Since its launch in 2014, the Wildlife Crime Tech Challenge has played a pivotal role in harnessing the power of science and technology to combat the international crisis of wildlife trafficking. USAID, in partnership with the National Geographic Society, the Smithsonian Institution, and TRAFFIC, has helped 16 winning innovators, chosen from a pool of over 300 applicants, to develop their solutions to fight wildlife crime. Four of these winners were awarded “grand prizes” in 2016 to support their work to grow and refine tools to fight corruption, identify poaching hotspots, and detect illegal sales online and illegal shipments in ports.
This year, to spur continued progress in advancing these promising solutions, USAID offered a new opportunity for Challenge Prize Winners to compete to win three Acceleration Prizes, worth a total of $100,000 each. These prizes utilized a pay-for-results approach to incentivize continued action and reward those who demonstrated the greatest growth in their solution. The winners were selected based on evidence of their progress in refining their solution, leveraging resources, and building partnerships over the last year and a half.
USAID is pleased to announce the three winners of the Acceleration Prizes, worth $100,000 each. While all of the Challenge Prize Winners have made great advances, these three organizations have made truly remarkable progress in turning promising ideas into viable solutions positioned for scale and impact on the ground:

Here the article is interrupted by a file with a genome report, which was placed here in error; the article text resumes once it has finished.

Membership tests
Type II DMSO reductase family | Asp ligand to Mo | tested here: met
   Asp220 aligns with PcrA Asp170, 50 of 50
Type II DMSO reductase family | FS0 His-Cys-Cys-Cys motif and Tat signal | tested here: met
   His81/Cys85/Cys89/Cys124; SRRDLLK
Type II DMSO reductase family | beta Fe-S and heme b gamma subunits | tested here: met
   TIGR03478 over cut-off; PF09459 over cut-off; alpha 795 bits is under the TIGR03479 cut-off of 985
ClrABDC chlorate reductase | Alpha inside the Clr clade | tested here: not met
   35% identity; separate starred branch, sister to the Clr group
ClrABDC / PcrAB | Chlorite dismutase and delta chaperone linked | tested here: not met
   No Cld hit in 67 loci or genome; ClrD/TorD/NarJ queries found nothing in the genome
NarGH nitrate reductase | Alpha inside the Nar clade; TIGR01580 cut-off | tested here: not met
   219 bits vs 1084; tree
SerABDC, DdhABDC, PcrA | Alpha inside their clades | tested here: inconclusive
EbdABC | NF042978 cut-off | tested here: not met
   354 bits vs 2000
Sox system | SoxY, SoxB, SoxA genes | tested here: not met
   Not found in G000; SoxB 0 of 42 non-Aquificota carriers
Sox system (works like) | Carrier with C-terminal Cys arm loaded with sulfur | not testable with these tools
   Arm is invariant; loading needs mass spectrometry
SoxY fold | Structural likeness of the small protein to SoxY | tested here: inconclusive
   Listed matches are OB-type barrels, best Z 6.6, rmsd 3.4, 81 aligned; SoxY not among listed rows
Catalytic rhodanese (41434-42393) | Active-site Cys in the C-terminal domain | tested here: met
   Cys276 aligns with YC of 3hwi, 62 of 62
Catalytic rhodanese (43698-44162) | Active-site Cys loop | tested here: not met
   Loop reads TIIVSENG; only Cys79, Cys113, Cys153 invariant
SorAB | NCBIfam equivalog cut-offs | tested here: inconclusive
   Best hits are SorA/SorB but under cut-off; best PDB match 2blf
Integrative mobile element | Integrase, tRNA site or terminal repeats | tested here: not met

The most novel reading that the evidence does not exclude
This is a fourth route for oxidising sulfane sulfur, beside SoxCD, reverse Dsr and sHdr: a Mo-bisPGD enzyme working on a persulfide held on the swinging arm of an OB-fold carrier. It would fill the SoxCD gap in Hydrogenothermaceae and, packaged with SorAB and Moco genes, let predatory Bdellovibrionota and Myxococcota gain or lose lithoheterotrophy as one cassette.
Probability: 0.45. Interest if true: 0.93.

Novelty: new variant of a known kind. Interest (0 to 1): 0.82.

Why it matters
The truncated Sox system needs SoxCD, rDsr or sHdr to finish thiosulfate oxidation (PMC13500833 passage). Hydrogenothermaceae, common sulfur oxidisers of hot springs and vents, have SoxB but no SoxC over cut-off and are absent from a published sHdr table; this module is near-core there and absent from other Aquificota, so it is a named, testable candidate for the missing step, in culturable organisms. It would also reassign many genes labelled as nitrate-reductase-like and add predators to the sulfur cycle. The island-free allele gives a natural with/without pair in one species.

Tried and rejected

● The University of Washington created a solution to genetically track the illegal pangolin trade and alert law enforcement to the most heavily poached pangolin populations. Once only a concept, it is now nearly ready to be used in forensic labs worldwide. The solution includes a fully developed genetic system and flexible computer software, and can be easily transferred.
● The Zoological Society of London has developed a new version of their Instant Detect system, a wildlife and threat monitoring network for the most demanding environments. The system uses remote sensors and satellite technology to help authorities identify illegal activity in protected areas in near real-time. The new system will be easier to use, easy to deploy, compatible with existing law enforcement tools, and cheaper to purchase.
● Paso Pacifico started with an idea for an artificial sea turtle egg that contains covert tracking devices to reveal illegal trafficking routes. They now have a functional and scalable prototype that is the result of testing and refinement of various artificial egg designs, materials, and production processes, as well as internal transmitter and battery technology.
Congratulations to all of the WCTC Prize Winners on their impressive progress through the Challenge, and to the Acceleration Prize Winners!